After 8 years of fact-checking Paul Ryan, our top 15 claims
Here’s a review of 15 fact checks on statements made by, and about, U.S. House Speaker Paul Ryan, who announced April 11, 2018 that he would not seek re-election in November 2018.
The Republican was first elected to his southern Wisconsin House seat in 1998, and was elected by his colleagues as speaker in October 2015.
Overall, the 84 fact checks on statements made by Ryan break down this way on the Truth-O-Meter:
True: 12 percent.
Mostly True: 19 percent
Half True: 27 percent
Mostly False: 27 percent
False: 8 percent
Pants on Fire: 6 percent
The fact checks of enduring interest include claims made by Ryan about guns, health care and taxes (including one about Green Bay Packers quarterback Aaron Rodgers).
And the fact checks on statements made by others about Ryan include claims by comedian Stephen Colbert and President Donald Trump.
FACT CHECKS ON CLAIMS MADE BY RYAN
1. We "have laws on the books designed to prevent people with mental illnesses from getting firearms."
Ryan made this claim in the wake of Parkland. A federal law, and some state laws, do prohibit people adjudicated as "mentally defective" or involuntarily committed to a mental health facility from possessing a gun. But experts say that standard includes people who do not pose a danger to others. And it does not account for a much larger set of people who might be dangerous but have not been diagnosed with, or treated for, a serious mental illness.
2. Under the House Republican tax plan, in Wisconsin, "the median household of four gets about a $2,000 tax cut, on average."
Ryan’s statement about the federal tax reform later signed by President Donald Trump was true if the typical household Ryan describes claims a standard deduction on their taxes rather than itemizing deductions. The savings would be $2,081 -- in 2018. But many Wisconsin households at that income level would see a savings of several hundred dollars less because they would no longer be able to claim deductions such as one for medical expenses, which the House bill eliminates. Moreover, because of the way the House bill was written, even the household that saves $2,081 in 2018 would see that savings drop in each year, down to an estimated $767 in 2027.
3. "We've got about $3 trillion in trapped cash overseas that basically can't come back in this country because of our tax laws."
Ryan made this claim in September 2017. To avoid a 35 percent U.S. tax, U.S.-based multinational companies opted not to "repatriate" roughly $3 trillion of their foreign profits. That is, they don’t bring the money back to their U.S. headquarters, where it can be used for things such as dividend payments or investments in their domestic operations. But the overseas profits aren’t literally trapped and indeed some foreign-earned profits are repatriated, though they are subject to the 35 percent tax.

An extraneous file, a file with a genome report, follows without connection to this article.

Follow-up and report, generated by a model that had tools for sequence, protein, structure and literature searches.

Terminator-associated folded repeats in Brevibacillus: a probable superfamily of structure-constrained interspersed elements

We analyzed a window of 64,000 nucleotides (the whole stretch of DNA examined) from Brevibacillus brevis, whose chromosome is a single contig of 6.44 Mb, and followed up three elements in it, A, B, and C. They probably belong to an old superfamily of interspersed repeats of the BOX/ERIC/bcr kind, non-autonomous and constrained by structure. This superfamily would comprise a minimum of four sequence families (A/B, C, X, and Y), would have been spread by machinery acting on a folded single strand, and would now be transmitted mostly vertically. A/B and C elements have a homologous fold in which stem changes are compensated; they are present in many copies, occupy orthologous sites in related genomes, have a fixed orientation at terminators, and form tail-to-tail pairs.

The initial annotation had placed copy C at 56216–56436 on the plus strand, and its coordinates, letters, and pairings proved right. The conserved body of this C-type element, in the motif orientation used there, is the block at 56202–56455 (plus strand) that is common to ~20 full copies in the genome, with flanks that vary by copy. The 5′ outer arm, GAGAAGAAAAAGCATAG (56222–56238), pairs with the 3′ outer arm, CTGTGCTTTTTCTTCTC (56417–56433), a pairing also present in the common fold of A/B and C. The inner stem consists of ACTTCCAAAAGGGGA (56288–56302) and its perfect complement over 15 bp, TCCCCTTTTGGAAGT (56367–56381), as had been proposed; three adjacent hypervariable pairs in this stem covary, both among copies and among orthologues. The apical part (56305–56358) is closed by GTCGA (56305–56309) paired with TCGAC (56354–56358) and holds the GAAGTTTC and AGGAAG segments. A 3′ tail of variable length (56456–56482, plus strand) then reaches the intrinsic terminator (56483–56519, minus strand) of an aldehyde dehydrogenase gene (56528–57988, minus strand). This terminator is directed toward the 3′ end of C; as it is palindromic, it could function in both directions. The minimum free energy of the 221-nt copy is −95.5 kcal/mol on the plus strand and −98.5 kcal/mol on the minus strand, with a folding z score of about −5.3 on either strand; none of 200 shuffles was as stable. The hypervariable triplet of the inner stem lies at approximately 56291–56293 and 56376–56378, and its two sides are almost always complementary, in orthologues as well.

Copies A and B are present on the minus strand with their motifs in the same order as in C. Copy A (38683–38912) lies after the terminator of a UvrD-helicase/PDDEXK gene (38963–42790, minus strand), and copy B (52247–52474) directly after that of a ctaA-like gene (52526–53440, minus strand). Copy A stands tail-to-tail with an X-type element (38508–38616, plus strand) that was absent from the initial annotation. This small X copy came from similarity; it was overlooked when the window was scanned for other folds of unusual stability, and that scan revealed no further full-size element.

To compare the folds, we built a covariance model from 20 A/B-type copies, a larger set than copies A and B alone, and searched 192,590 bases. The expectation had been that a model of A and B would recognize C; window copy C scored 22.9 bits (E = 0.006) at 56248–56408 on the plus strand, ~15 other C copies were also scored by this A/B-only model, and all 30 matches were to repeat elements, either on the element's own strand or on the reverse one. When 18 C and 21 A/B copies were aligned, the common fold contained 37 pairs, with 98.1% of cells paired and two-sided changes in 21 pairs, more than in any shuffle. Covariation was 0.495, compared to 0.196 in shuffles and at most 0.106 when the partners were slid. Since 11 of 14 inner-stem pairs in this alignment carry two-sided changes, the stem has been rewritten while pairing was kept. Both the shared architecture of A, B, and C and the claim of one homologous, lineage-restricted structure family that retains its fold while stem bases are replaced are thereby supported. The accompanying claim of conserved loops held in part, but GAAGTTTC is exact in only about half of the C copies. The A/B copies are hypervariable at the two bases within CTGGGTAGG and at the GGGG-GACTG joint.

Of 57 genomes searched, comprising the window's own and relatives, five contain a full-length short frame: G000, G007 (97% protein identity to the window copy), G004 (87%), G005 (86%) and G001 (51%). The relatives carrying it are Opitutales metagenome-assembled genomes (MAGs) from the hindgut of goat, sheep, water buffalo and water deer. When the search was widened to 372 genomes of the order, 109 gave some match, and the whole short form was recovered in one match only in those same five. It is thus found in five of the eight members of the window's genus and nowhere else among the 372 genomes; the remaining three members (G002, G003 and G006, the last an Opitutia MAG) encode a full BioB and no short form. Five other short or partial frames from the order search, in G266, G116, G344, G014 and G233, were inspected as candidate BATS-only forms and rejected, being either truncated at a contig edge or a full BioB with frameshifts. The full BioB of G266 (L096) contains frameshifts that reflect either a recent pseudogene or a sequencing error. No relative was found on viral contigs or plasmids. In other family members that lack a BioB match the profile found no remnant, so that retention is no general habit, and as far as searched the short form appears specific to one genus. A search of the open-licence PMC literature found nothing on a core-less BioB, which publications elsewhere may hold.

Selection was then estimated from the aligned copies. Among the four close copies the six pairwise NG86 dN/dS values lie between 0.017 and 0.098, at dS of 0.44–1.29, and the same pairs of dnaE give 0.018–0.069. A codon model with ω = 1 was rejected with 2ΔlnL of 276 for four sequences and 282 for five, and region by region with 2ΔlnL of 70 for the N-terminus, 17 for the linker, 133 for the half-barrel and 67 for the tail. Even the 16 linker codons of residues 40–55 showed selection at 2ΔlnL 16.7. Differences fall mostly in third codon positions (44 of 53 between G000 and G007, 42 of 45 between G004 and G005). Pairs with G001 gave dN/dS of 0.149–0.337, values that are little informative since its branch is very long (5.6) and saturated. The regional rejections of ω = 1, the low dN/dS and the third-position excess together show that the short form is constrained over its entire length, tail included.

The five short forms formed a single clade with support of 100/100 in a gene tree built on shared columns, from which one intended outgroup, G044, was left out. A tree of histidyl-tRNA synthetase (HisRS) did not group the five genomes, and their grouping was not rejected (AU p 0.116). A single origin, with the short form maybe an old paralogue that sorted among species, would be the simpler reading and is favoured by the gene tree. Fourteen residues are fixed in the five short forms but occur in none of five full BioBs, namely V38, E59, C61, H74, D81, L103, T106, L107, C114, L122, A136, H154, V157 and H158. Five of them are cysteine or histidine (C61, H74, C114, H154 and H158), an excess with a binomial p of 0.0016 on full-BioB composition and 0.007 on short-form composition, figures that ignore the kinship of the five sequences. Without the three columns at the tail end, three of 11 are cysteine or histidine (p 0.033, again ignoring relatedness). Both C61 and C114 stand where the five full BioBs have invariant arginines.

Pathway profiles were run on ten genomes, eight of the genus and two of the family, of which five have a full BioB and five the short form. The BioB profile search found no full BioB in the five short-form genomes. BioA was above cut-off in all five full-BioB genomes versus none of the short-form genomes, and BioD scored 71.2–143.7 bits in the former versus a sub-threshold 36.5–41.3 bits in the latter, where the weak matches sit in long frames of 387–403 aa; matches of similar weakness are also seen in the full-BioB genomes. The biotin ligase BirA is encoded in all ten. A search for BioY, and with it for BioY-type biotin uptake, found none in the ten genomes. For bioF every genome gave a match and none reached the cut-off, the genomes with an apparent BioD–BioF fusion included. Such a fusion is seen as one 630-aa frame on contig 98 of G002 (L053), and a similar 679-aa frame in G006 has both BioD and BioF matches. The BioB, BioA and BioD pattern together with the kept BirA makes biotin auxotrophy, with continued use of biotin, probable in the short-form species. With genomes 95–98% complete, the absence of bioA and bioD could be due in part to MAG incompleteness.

4. Aaron Rodgers "is not the highest tax rate payer" in Wisconsin, it's "the single mom getting 24 grand in benefits with two kids who will lose 80 cents on the dollar if she goes and takes a job."
There was some mixing of apples and oranges here. The reference to Rodgers was for the actual highest rate he would pay for income taxes. With regard to the single mother, Ryan was referring to her marginal tax rate -- how much in public benefits she would lose by taking a job. Ryan was correct that it’s possible for the woman he described to lose 80 cents in benefits for every $1 in income earned -- an 80 percent marginal tax rate. But that occurs in very rare cases where the mother would be receiving a higher than typical set of public benefits and would take a job within a narrow income range above the poverty level. The vast majority of lower income people aren’t hit with a marginal tax rate as high as 80 percent, although even lower rates are considered strong disincentives to work. And advocates for the poor say the unemployed generally are better off financially by taking a job, even if they lose some public assistance.
5. "We got to a point that our Air Force pilots were going to museums to find spare parts over the last eight years" under Barack Obama.
Saying the military was plunged into a readiness crisis under Obama, Ryan made the claim in May 2017. It was a broad claim, but his office cited only one news article that quoted an Air Force captain as saying parts for seven planes were obtained from "museum aircraft." Meanwhile, defense experts told us that Ryan’s claim was highly misleading, in that any such museum scrounging, if it has ever occurred, is isolated. Indeed, the Air Force operates a base whose main functions include storing thousands of planes to be available for spare parts.
The experts also agreed that even as defense spending dropped under Obama, the Air Force had sufficient funding to prevent the need for pilots to hunt for airplane parts in museums.
6. Obamacare "is in what the actuaries call a death spiral."